David Tatnall has started an online gallery at View Camera Australia for analogue photos made with both medium and large format cameras. The first exhibition: —August 2021–is now up. It was based around recent work — made within the year to August 2021. I sent 3 images for submission to August 2021, and one of them entitled ‘sea sky earth’, was included in the exhibition. It was made with an old 5×7 Cambo SC 3 monorail in the late autumn/early winter of 2021. It was early in the morning on an over cast day.
The image below is an outtake –that is, one of the 3 images sent for consideration. It is of a local wetland in Victor Harbor on the southern Fleurieu Peninsula. It was also made with a Cambo 5×7 SC3 monorail as a part of an ongoing series of photographing my local area. This is the traditional country of the Ngarrindjeri people.
There are some great images in the exhibition, and it showcases both the strength of large format photography and the diversity of analogue photography in Australia. The audience response to the online August 2021 exhibition has been extremely positive. As a result of the positive audience response David Tatnall plans to do another online exhibition in October. It is a good idea.
Hopefully these images will help to uplift the mood of the people in Sydney and Melbourne, who have been in lockdown for some time; and those people in Brisbane and Adelaide have been in and out of lockdown; and those in Canberra who have recently gone into lockdown. People are anxious and under stress with the rolling lockdowns, which are designed to contain the spread of the highly contagious Delta variant of Covid-19 by severely limiting people’s movement.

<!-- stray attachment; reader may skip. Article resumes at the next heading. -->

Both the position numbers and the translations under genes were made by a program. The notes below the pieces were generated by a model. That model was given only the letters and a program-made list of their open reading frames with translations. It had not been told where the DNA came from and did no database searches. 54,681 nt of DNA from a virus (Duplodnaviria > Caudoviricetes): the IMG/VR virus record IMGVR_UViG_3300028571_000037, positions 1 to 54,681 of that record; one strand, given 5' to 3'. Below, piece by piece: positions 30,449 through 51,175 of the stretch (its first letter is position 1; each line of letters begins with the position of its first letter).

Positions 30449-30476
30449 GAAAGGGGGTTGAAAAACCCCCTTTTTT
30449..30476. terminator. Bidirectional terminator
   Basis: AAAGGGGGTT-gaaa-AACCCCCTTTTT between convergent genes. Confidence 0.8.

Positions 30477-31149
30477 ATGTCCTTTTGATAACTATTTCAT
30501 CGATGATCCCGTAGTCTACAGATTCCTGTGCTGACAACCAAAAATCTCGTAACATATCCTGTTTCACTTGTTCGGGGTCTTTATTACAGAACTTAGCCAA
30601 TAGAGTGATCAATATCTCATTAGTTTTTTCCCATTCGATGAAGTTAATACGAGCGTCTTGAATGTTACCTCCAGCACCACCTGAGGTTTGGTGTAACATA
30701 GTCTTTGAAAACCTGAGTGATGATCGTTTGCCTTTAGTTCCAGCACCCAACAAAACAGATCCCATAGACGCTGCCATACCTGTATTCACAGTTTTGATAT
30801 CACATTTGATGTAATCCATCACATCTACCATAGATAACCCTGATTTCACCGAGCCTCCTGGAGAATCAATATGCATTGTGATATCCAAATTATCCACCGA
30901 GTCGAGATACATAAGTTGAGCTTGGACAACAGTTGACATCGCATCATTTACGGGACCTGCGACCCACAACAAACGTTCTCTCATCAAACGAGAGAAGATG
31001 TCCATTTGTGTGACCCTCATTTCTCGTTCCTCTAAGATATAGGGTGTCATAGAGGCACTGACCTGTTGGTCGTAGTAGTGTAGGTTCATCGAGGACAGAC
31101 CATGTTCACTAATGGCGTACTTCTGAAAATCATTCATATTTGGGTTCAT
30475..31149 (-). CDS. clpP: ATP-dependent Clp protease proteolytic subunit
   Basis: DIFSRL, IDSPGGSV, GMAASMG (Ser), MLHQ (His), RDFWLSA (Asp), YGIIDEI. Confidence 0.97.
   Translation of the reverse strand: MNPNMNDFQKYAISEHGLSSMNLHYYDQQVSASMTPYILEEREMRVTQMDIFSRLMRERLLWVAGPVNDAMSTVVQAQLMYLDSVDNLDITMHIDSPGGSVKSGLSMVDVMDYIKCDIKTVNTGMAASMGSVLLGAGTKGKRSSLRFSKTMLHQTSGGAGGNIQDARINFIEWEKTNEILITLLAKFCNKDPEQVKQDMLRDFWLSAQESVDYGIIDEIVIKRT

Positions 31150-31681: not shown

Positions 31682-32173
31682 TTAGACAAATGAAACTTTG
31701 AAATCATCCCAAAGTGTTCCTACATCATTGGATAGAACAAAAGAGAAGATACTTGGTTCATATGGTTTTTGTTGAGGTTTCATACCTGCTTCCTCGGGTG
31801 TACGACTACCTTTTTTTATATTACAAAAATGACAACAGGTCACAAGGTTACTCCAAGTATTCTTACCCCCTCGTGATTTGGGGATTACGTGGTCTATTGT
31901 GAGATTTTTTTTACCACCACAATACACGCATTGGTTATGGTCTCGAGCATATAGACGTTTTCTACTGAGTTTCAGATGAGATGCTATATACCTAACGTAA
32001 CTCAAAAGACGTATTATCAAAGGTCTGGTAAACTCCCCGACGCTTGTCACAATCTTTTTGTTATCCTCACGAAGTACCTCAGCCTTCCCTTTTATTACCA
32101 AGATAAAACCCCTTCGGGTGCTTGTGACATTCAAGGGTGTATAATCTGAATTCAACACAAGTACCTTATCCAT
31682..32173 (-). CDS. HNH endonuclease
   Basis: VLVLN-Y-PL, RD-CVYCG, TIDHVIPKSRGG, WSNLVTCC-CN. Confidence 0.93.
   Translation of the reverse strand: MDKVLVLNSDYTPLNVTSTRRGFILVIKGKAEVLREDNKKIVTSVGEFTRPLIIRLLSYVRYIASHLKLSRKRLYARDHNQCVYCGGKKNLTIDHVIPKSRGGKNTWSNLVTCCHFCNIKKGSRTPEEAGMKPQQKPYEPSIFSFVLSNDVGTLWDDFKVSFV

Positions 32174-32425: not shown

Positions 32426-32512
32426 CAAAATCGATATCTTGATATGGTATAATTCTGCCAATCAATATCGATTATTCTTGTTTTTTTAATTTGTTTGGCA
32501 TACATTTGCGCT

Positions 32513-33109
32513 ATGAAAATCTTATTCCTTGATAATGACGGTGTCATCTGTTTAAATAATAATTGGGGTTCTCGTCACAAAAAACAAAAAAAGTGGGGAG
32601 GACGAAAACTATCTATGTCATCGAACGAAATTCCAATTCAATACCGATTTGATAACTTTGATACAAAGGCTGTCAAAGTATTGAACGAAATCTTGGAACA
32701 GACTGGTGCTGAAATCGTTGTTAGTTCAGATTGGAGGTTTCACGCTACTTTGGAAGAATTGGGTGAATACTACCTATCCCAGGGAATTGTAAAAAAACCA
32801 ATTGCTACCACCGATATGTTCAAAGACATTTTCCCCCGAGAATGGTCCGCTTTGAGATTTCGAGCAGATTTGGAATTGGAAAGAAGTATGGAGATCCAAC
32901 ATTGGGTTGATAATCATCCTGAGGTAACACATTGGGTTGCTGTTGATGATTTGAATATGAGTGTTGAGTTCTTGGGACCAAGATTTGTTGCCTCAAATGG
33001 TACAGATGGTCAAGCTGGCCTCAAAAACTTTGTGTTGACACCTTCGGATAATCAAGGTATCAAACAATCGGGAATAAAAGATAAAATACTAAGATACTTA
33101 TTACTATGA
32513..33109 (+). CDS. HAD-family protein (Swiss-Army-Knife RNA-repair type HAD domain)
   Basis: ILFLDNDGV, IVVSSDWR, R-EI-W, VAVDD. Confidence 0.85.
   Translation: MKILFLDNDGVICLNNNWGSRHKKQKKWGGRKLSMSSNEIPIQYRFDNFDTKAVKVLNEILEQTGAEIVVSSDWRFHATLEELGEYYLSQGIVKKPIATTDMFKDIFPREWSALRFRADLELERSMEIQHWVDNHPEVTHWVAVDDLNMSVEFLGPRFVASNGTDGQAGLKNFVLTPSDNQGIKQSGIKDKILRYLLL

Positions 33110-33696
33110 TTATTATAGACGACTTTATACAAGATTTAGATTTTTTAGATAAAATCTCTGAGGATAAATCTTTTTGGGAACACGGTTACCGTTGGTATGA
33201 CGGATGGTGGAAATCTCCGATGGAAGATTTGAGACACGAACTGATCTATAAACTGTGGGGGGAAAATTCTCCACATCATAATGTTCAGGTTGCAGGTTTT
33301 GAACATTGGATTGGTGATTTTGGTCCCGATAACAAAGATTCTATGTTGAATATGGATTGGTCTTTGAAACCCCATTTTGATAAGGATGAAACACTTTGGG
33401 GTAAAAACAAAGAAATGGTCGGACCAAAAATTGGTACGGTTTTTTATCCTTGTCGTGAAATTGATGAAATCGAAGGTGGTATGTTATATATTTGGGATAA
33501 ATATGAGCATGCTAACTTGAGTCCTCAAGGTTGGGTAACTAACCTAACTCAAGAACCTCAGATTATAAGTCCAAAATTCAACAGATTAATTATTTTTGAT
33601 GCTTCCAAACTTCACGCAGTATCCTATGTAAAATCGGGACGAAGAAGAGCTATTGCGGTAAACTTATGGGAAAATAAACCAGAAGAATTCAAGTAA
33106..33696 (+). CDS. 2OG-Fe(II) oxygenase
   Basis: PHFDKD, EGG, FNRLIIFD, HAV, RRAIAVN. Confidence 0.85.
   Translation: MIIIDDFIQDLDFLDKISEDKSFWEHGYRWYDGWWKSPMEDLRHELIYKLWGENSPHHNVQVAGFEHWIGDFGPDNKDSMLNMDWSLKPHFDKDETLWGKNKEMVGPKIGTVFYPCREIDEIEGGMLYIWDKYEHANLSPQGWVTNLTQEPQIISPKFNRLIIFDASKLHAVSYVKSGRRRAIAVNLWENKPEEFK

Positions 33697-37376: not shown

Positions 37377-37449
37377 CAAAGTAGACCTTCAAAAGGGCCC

The history of the representations of landscape in Australia was complex, if not contradictory, given that landscape is a contested term, meaning very different things to different people. The modernists, for instance, held that landscape was an anachronistic genre, part of a old, privileged gum tree tradition ‘overthrown’ by Modernism. Landscape as a term should be abandoned it was held. Currently, landscape is often viewed in the art institution to be of little or no relevance in our overwhelmingly urban, more or less progressive, global culture.
On the other hand, the view that the visual representations of landscape (the bush) were deemed to be old fashioned and irrelevant only lasted until various modernists — such as Nolan, Boyd, Williams — turned to representing the landscape after stepping outside the capital cities into what they called the Outback or the dead centre. Then the visual representations of landscape became okay and their representations were not ideological ie., it was not embedded in ideology. Landscape is the framed view whose paradox islandscape is that it is both what is other to the human subject: land, place, nature; and yet, it is also the space for projection, and can become, therefore, a sublimated self-portrait or a field of dreams.
This contradictory history of modernism has dissolved in three ways. Firstly, is the idea of topographics as a ‘man-altered landscape’ that emerged after the influential New Topographics exhibition in 1975 at George Eastman House. Secondly, we can understand the representation of ‘landscape’ as the means by which artists engage with issues of place, with questions about our location in the world – a location which is always, as Merleau-Ponty made clear, originally grounded in our immediate bodily location.